Activities with Rationale

To support the community of New Horizons our group has developed flyers with QR codes and other deliverables to help find adequate staffing, volunteers, and providing supplies. The QR codes itself has direct links to their amazon wish list, donation needs, volunteer page, street bean coffee roaster barista position. With these codes people can access their website to not just look for a job position but it provides awareness to a community in need of support. We also were able to connect New Horizons with SPU’s volunteer programs Latreia an Urban Involvement. Our group provided resources and points of contact to the coordinator of these SPU volunteer programs in hopes the relationship between New Horizons and SPU would strengthen. This connection allows for there to be volunteer events to better assist and help serve the community.

Outcomes

We had short term goals of providing for the population of New Horizons through creation of resources so that they can utilize them to cater to their needs and New Horizons will receive student volunteers from Latreia before March 9th 2022. Our long-term goals were to have the homeless youth population located around New Horizons gain more knowledge regarding resources that are available to them, such as job opportunities via Street Bean Coffee Roasters within 3 months and have New Horizons obtain a consistent flow of volunteers and resources via collaboration with SPU's Urban Involvement, quarterly. These short term goals were both met while the long term goals are still in progress.

Evaluation

The utilization of mixed methods, both qualitative and quantitative data, proves to help evaluate the success of our interventions more efficiently (Abilgaard et al., 2016). The qualitative data analyzed was whether the barista position was filled and whether SPU’s volunteer programs formed a connection with New Horizons. After the initiation of our interventions, there was the removal of the job application on New Horizons website, the barista position filled, and Latreia partnering with New Horizons where a group of SPU volunteers painting their garage to be used as a blank canvas for young adults to do graffiti artwork. These outcomes display evidence of an effective relationship between SPU’s volunteering programs and New Horizons and our goals being met. The quantitative data analyzed was the number of people that attended the Latreia event and how many people scanned the flyer QR codes. Ten volunteers attended the event compared to their average range of 10-15 people that regularly attend their events. Data collected from the QR code tracking website suggested that 34 people scanned the QR code for the barista position, 28 people scanned the QR code for New Horizon’s Amazon wish list, and 27 people scanned the QR code for the volunteering page. These evaluations proved that the SPU community interacted with the flyers and were successful in bringing attention to New Horizons’ needs.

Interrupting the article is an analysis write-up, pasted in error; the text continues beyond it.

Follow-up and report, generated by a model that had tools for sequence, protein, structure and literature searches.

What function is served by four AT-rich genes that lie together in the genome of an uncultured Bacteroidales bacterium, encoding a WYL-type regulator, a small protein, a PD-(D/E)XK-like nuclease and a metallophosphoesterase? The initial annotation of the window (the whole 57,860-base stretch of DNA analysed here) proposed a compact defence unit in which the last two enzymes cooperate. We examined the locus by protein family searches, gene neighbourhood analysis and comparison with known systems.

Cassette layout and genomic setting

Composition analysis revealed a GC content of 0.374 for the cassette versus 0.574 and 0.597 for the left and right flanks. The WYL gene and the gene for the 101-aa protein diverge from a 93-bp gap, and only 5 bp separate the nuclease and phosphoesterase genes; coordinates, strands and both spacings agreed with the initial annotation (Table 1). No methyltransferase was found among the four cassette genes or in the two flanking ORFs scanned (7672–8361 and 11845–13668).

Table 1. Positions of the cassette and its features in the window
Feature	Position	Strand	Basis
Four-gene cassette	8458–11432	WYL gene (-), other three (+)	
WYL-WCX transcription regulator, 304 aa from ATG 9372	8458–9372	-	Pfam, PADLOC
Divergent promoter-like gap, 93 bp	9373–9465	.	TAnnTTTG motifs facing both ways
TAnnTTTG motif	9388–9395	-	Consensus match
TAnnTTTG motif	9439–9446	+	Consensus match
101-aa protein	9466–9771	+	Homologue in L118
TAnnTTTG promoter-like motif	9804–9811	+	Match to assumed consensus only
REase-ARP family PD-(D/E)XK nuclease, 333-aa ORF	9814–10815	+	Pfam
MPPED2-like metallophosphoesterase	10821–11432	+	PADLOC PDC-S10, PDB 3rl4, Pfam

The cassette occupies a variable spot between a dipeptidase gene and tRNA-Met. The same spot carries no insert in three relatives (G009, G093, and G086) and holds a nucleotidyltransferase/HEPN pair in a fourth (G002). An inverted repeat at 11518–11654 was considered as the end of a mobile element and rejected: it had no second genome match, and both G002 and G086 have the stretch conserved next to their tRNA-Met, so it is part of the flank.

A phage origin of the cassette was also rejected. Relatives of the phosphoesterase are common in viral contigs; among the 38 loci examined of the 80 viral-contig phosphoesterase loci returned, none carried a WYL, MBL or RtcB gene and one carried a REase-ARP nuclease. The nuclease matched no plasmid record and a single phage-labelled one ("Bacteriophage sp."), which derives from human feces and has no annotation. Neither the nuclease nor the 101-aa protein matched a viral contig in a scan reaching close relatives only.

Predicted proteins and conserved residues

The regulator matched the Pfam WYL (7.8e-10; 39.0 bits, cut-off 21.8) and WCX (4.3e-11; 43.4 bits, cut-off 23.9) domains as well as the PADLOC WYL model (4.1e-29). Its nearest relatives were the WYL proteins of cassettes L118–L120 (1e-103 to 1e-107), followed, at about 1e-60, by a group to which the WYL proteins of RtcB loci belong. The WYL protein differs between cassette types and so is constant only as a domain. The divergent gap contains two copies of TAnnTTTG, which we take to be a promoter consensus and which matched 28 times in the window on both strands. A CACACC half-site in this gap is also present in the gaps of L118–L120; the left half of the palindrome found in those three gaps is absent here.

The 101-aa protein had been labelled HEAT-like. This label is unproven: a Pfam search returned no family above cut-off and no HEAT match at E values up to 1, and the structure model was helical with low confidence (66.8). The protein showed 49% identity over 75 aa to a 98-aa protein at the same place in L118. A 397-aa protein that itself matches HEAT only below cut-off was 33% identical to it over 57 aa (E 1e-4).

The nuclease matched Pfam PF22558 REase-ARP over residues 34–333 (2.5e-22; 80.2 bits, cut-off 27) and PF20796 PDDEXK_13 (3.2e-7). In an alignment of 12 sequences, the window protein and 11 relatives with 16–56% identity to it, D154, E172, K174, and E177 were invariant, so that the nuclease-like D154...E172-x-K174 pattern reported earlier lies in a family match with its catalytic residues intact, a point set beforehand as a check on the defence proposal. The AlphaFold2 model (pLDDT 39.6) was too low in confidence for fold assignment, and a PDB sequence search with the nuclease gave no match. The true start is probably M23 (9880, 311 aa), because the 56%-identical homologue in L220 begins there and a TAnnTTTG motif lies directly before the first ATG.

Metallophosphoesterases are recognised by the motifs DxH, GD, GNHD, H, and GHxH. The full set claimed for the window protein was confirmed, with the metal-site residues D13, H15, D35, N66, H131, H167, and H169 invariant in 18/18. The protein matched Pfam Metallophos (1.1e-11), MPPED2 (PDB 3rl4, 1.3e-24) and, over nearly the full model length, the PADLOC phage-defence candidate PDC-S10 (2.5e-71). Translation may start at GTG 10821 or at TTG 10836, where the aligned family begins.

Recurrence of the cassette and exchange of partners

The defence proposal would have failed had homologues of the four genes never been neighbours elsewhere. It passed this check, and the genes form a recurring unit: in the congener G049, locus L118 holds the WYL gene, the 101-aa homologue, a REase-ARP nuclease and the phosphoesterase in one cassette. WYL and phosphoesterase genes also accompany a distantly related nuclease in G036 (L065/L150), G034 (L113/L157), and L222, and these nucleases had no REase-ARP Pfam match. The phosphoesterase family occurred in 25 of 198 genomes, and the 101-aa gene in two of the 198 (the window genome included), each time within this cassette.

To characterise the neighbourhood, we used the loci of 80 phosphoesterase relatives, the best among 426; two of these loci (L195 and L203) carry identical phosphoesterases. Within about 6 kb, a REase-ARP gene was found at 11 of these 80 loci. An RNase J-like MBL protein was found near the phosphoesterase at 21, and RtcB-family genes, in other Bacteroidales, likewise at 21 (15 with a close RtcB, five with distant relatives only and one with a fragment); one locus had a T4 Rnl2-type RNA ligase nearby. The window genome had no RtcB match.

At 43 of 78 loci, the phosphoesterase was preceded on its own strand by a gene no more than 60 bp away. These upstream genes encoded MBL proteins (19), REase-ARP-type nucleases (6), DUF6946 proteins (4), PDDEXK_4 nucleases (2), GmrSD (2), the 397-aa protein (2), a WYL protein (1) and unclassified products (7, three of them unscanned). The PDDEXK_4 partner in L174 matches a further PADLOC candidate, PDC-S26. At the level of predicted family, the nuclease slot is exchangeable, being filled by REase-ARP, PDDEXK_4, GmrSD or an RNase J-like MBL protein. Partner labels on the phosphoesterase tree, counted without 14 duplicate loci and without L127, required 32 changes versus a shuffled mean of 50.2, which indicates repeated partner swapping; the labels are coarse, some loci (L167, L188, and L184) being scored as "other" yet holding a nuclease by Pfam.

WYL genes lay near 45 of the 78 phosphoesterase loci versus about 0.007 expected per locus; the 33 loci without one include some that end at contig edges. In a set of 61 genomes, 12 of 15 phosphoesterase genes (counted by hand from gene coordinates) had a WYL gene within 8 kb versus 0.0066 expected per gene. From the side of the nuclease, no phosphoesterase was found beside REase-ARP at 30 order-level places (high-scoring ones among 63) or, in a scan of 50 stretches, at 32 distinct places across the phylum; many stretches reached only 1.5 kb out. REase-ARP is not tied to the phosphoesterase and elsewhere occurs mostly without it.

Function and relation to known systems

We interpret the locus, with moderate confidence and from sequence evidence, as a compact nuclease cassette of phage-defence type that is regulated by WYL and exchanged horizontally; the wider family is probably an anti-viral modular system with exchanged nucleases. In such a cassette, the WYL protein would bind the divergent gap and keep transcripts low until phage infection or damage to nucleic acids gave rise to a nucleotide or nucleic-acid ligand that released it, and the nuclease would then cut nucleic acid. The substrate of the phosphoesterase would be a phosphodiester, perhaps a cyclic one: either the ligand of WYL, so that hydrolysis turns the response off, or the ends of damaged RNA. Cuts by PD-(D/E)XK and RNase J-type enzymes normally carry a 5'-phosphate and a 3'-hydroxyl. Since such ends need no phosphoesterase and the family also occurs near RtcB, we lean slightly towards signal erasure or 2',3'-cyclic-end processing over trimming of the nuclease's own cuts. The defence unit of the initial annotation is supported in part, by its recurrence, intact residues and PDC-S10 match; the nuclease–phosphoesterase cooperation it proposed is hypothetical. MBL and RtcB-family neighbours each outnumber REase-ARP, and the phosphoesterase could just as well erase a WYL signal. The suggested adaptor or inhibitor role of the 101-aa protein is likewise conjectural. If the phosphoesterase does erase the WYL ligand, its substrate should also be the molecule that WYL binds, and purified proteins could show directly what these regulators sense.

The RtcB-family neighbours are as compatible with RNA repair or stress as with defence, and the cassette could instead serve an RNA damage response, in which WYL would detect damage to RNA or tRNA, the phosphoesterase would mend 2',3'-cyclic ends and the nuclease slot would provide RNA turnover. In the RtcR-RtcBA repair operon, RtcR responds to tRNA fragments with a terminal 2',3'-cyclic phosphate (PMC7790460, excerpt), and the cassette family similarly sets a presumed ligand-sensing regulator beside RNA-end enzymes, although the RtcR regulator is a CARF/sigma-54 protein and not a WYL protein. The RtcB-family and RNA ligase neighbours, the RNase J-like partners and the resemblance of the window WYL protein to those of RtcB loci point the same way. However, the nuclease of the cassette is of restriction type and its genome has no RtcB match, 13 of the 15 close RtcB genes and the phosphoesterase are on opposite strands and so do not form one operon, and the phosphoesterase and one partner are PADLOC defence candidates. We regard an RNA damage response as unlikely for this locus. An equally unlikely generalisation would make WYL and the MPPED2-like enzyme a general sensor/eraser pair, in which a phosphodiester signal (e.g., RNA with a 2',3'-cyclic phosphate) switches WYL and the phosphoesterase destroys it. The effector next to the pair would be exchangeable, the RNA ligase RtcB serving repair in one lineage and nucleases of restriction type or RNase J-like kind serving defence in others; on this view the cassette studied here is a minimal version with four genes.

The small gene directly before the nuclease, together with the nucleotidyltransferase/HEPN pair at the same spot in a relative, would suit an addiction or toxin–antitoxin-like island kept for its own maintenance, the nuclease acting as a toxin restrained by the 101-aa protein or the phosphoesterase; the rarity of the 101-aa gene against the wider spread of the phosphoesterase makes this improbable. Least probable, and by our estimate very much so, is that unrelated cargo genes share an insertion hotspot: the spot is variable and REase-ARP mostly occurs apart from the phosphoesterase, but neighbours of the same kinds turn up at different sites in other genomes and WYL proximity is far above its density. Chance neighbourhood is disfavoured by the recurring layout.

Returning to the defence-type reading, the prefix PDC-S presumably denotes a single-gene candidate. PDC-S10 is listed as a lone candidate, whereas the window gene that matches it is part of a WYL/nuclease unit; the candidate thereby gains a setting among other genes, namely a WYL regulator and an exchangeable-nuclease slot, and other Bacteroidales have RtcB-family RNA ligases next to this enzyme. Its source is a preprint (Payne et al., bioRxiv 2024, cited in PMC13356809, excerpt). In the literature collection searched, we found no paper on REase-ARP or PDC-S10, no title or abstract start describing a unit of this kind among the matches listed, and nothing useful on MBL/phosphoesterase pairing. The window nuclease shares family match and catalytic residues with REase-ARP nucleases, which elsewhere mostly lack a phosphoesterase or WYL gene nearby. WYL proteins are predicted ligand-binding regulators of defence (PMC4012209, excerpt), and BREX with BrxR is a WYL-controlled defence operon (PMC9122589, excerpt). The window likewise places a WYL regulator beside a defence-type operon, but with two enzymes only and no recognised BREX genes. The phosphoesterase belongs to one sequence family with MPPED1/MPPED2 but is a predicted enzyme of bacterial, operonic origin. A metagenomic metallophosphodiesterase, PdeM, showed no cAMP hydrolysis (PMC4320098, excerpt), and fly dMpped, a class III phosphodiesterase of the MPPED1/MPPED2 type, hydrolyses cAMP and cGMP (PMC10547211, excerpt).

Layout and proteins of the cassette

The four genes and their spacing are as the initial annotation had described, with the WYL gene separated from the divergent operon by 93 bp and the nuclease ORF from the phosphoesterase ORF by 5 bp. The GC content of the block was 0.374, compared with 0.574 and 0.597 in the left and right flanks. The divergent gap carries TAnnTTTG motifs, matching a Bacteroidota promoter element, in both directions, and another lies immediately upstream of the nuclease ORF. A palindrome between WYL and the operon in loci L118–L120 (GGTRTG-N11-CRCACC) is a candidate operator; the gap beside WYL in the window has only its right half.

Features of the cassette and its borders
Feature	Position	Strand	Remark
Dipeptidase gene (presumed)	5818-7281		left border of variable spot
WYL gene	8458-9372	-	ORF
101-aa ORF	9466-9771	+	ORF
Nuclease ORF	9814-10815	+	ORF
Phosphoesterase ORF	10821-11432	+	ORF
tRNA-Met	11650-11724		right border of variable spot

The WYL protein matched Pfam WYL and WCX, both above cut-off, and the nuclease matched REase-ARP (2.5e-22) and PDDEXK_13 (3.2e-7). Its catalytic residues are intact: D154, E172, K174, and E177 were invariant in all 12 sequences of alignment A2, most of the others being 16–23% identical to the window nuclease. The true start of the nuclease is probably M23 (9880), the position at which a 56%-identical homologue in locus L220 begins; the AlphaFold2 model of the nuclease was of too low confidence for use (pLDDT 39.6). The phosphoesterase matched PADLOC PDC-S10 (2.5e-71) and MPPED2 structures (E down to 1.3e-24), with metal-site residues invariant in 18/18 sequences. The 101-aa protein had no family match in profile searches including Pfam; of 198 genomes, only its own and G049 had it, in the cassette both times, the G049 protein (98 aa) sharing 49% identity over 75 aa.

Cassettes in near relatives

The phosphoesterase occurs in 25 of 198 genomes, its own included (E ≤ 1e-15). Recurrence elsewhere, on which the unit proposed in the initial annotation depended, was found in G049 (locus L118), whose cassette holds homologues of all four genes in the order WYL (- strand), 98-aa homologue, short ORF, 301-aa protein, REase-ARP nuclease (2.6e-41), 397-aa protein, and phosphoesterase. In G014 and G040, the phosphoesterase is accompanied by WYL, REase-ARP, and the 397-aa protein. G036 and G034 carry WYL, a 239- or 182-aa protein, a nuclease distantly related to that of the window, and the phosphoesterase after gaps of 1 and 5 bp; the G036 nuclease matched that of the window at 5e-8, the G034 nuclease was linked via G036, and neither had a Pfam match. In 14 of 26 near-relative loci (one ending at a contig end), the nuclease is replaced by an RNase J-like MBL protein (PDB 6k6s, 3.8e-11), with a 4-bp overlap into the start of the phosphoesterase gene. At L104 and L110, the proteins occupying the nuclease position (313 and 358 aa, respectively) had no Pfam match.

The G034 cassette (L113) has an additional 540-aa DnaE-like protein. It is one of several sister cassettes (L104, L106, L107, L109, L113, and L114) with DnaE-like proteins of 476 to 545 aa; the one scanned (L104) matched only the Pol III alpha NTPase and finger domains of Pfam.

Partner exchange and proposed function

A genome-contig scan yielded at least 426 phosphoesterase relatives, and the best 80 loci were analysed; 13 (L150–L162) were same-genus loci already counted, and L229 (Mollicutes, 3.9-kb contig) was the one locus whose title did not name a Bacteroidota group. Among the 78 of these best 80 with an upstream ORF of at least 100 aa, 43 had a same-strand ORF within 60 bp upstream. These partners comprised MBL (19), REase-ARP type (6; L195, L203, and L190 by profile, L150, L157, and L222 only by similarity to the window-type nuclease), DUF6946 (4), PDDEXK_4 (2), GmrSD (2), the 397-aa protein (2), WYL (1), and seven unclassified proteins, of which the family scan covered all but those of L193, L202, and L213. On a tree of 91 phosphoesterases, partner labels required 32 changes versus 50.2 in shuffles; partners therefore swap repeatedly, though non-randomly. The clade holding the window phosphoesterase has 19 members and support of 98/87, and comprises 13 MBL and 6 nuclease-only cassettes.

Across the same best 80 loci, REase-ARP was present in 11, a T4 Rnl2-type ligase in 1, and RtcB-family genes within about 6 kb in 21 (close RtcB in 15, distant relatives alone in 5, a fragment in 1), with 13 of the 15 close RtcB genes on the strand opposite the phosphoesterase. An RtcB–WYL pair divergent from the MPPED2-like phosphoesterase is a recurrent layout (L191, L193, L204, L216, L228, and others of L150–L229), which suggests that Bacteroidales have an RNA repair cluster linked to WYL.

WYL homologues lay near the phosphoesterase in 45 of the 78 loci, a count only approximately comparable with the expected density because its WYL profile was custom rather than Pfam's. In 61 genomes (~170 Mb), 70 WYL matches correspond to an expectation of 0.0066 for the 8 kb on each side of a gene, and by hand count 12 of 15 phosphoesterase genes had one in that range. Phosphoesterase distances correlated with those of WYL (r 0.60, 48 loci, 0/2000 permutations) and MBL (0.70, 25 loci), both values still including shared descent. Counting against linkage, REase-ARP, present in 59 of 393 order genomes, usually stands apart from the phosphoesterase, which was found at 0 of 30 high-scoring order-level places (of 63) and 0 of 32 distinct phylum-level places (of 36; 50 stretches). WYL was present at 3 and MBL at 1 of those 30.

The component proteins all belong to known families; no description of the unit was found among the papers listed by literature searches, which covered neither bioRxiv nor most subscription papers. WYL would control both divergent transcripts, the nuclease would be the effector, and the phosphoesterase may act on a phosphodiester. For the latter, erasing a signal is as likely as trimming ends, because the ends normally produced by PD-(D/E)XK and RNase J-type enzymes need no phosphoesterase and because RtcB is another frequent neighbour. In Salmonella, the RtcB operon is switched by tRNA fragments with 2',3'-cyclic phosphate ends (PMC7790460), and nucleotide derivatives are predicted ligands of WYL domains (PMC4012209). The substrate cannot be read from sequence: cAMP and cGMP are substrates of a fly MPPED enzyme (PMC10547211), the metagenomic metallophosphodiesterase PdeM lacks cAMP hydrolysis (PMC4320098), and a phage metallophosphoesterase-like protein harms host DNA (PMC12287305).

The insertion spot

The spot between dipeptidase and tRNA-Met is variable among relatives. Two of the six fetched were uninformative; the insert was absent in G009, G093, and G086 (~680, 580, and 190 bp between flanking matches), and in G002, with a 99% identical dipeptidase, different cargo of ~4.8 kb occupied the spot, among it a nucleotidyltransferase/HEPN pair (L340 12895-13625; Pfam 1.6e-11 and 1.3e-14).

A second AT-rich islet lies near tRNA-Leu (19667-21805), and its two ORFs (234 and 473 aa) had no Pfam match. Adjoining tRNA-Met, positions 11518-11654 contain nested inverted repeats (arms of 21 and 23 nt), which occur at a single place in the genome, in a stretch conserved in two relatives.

Conclusion

To help New Horizons and the community they serve we were able to help them form long term relationships that will continue on when we leave. By creating this relationship with SPU volunteer programs and access to a new barista, New Horizons can better serve the population of homeless youth through job training and acts of service. With the aid of our interventions bringing awareness to New Horizons by various means, we were able to engage with their culture to help change their world.

Limitations of Research